HBO dominated Sunday’s Emmy awards, reinforcing the network’s long-held position as television’s creative powerhouse even as Netflix has upended the industry.
The AT&T-owned network won 30 Emmy awards, including the coveted Best Drama Series category for Succession and Best Limited Series for Watchmen, in an event held virtually and without a live audience for the first time ever due to the coronavirus pandemic.
With the end last year of Game of Thrones and an exodus of executives including longtime chief Richard Plepler, observers had questioned whether HBO under new ownership could continue to churn out top shows.
That question was answered as the critically acclaimed programmes Watchmen and Succession each won four awards, helping HBO nab more trophies than any other network for the second year in a row.
HBO faced stiff competition from Netflix, which had scored a record 160 nominations this year for TV’s highest honours. The pair have duelled in the past few years, leading the pack in nominations and setting up a battle of HBO’s careful curation versus Netflix’s volume of programming.
In Hollywood, the Emmys have a commercial impact because winning awards enhances a studio’s standing with top talent. Reed Hastings, Netflix chief executive, told investors earlier this year that there was a “business benefit” to winning awards because it helped “win deals that we couldn’t have otherwise won”.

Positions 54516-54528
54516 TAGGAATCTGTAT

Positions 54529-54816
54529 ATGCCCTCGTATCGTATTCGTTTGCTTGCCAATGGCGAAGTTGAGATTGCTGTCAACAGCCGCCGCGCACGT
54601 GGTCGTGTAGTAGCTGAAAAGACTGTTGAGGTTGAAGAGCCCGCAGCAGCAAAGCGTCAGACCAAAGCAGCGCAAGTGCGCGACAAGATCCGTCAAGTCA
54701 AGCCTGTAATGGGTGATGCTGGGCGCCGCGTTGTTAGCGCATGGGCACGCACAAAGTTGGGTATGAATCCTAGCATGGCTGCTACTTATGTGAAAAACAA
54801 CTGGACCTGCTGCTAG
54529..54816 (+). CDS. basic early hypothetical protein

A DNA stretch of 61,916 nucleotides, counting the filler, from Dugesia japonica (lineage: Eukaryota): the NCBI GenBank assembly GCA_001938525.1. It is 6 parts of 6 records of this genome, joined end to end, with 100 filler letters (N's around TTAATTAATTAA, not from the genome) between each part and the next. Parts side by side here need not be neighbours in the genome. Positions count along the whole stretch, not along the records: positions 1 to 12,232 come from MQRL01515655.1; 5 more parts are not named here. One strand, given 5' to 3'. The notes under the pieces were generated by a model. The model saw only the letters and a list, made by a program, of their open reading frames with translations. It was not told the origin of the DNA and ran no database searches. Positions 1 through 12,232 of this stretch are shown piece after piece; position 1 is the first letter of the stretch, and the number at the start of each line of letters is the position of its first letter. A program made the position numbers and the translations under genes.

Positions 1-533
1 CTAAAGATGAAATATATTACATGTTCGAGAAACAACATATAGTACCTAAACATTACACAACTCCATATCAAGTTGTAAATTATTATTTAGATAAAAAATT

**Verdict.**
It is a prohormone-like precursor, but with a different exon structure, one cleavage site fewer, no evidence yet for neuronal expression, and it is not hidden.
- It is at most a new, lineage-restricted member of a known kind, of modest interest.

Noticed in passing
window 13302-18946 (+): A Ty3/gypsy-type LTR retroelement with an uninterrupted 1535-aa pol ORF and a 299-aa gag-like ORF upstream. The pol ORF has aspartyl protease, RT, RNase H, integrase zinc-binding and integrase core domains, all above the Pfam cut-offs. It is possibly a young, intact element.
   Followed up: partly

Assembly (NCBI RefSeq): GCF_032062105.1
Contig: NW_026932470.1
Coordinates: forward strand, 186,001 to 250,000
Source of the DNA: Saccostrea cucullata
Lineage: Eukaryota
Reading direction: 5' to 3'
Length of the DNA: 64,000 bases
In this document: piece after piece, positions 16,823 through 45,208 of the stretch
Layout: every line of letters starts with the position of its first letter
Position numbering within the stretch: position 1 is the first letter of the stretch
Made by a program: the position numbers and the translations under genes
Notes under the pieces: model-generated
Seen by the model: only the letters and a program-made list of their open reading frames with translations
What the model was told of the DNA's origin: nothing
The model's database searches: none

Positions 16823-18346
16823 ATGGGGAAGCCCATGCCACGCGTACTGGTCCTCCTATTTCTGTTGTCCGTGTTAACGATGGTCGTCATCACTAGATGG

Coming in third in terms of awards was Pop TV, the Viacom-owned TV channel that airs Schitt’s Creek, a Canadian comedy that garnered broad popularity after Netflix picked up old seasons of it in 2017. The series won seven awards on Sunday, sweeping the comedy categories.
This year’s ceremony was constrained by the pandemic. Instead of lavish red carpets and hundreds of stars packed into a room together, Jimmy Kimmel hosted from a largely empty Staples Center in Los Angeles while nominees appeared via video links from their preferred locations around the globe.
The ceremony took place weeks ahead of a crucial US presidential election against a backdrop of nearly 200,000 American deaths due to the coronavirus crisis, a crippling economic recession and historic uprisings over racial inequality.
These tensions were evident during the programme, with several winners urging viewers to vote and host Jimmy Kimmel joking that the show was being filmed without a live studio audience because “this isn’t a MAGA rally”.
Analysts have questioned whether HBO, which has made a name for itself as a producer of selective, high-quality series, can transform into a broader Netflix-style service as streamers flood the market with new shows.
While HBO has continued to prosper creatively, its owner WarnerMedia has failed to gain much traction with efforts to compete directly with Netflix.
WarnerMedia this year launched a new streaming service, HBO Max, which packages HBO’s programming with that of the Warner Bros studio and the Turner networks for $15 a month.
Take-up has been relatively modest since the launch in May: although more than 23m existing HBO subscribers can access the HBO Max service for free, but the company said that as of July only around 4m users had activated the streaming platform.
By comparison Netflix added 10m subscribers in the second quarter, taking its number of global subscribers to close to 200m.